Asia Pacific is a hotspot for ransomware, hijackers, spyware and worms and one security expert believes that the region is becoming a major target – the healthcare and education sectors in particular.
Malwarebytes’ Cybercrime Tactics and Techniques: 2017 State of Malware Report says that across Asia Pacific, the most prevalent threats compared to 2016 were ransomware (1000% increase); hijackers (522% increase); spyware (200% increase); and worms (50% increase).
Three Asia Pacific countries also ranked in the top 10 countries with the most malware around the world: India (5th), Indonesia (7th) and Thailand (8th).
Globally, ransomware increased 90% - however Australia, New Zealand and Singapore reportedly had fewer detections than in 2016. Singapore also experienced a 14% year-on-year increase in malware detections – in August 2017 hijacker detections skyrocketed 566%, despite being in line with 2016 statistics for many months beforehand.
While the first half of 2017 provided less in the way of spyware for Asia Pacific, that number soon rose to three times the number of detection in the second half of the year.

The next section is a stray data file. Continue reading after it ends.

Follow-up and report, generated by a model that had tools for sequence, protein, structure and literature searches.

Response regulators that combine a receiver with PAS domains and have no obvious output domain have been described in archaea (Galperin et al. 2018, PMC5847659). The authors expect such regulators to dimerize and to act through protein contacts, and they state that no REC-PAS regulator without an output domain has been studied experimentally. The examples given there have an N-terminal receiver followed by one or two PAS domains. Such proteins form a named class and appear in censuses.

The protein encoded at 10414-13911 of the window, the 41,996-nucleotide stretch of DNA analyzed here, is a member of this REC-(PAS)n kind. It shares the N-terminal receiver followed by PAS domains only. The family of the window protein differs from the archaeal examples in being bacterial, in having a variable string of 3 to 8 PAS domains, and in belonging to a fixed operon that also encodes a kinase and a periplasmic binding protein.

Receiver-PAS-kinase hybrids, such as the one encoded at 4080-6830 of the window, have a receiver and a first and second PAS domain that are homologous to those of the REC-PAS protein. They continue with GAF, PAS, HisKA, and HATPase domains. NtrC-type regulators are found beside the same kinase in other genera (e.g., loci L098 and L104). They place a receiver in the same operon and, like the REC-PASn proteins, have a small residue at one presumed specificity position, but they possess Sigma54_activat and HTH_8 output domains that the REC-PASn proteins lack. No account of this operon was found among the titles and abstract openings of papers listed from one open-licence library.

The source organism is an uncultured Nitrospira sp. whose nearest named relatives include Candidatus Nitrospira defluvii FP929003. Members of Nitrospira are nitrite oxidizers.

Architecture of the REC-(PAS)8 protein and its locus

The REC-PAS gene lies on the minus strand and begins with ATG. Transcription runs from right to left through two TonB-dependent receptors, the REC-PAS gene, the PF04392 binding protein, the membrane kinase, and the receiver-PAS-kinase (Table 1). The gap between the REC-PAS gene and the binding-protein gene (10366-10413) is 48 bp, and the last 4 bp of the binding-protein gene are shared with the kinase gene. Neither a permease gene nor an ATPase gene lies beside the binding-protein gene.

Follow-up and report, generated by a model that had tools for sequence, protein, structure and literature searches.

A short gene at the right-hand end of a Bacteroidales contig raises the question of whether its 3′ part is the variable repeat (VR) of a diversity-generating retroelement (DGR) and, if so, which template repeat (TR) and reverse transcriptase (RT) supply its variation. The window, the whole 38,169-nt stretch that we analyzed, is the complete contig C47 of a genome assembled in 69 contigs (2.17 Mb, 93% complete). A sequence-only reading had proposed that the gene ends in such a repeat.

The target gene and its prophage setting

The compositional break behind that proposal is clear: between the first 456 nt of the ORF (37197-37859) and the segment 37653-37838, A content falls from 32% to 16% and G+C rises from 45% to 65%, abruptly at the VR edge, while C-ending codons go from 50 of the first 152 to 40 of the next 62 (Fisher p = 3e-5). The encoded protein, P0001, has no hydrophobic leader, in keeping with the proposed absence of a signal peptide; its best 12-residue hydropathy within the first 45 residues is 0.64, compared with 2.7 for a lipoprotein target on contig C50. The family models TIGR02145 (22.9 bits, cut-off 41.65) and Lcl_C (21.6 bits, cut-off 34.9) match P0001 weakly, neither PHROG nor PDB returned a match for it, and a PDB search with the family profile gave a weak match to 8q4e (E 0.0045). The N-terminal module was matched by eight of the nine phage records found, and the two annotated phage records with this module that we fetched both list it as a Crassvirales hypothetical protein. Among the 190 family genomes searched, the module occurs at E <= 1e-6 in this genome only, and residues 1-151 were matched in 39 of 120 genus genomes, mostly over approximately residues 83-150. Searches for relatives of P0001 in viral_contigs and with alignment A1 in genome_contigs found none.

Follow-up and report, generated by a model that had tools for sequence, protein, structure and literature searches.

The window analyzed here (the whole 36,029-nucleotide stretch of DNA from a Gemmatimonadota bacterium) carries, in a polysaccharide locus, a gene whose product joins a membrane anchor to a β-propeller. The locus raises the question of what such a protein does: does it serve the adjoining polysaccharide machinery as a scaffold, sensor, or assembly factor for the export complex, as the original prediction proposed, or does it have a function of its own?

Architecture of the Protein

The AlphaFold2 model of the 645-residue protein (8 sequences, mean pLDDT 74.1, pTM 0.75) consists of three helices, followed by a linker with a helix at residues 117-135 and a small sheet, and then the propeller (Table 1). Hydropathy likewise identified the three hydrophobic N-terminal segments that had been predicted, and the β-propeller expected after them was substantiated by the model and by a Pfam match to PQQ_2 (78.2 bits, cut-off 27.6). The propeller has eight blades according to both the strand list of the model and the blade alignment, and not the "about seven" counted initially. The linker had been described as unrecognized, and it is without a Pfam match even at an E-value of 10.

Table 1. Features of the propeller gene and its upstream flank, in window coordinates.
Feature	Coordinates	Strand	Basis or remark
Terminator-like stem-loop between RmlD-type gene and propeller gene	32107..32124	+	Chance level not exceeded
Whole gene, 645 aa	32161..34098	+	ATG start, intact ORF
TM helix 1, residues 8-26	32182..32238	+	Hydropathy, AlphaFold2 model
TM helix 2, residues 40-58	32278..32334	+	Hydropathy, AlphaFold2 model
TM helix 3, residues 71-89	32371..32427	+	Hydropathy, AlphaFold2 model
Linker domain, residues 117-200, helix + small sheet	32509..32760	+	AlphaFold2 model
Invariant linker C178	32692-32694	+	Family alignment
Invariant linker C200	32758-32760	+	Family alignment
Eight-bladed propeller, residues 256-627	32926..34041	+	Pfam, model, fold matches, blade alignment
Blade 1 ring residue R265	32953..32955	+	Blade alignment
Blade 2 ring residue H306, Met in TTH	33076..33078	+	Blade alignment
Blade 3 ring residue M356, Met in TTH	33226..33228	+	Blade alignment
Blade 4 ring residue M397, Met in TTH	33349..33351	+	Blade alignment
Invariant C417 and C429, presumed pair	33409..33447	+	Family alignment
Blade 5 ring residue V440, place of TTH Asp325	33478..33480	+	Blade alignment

Singapore was also pummelled with adware as 2017 brought a 450% increase in detections compared to 2016.
“It’s clear that cybercriminals are becoming more strategic as they pick the most effective form of attack. While Asia Pacific hasn’t been a major target in the past, the data we are seeing leads us to believe that ransomware, worms, and spyware attacks will become a major threat in the region,” explains Malwarebytes area vice president and managing director of Asia Pacific, Jeff Hurmuses.
Here are some of the report’s global statistics:
Ransomware was tool of choice for cybercriminals in 2017
What cybercriminals can’t hold for ransom, they will steal
Increase in the malicious use of crypto-miners
“It’s crucial that companies, particularly in the healthcare and education sectors, stay ahead of these threats, familiarize themselves with cybercriminals’ methodologies and tactics, and replace their outdated security systems before they become a victim of an attack,” Hurmuses concludes.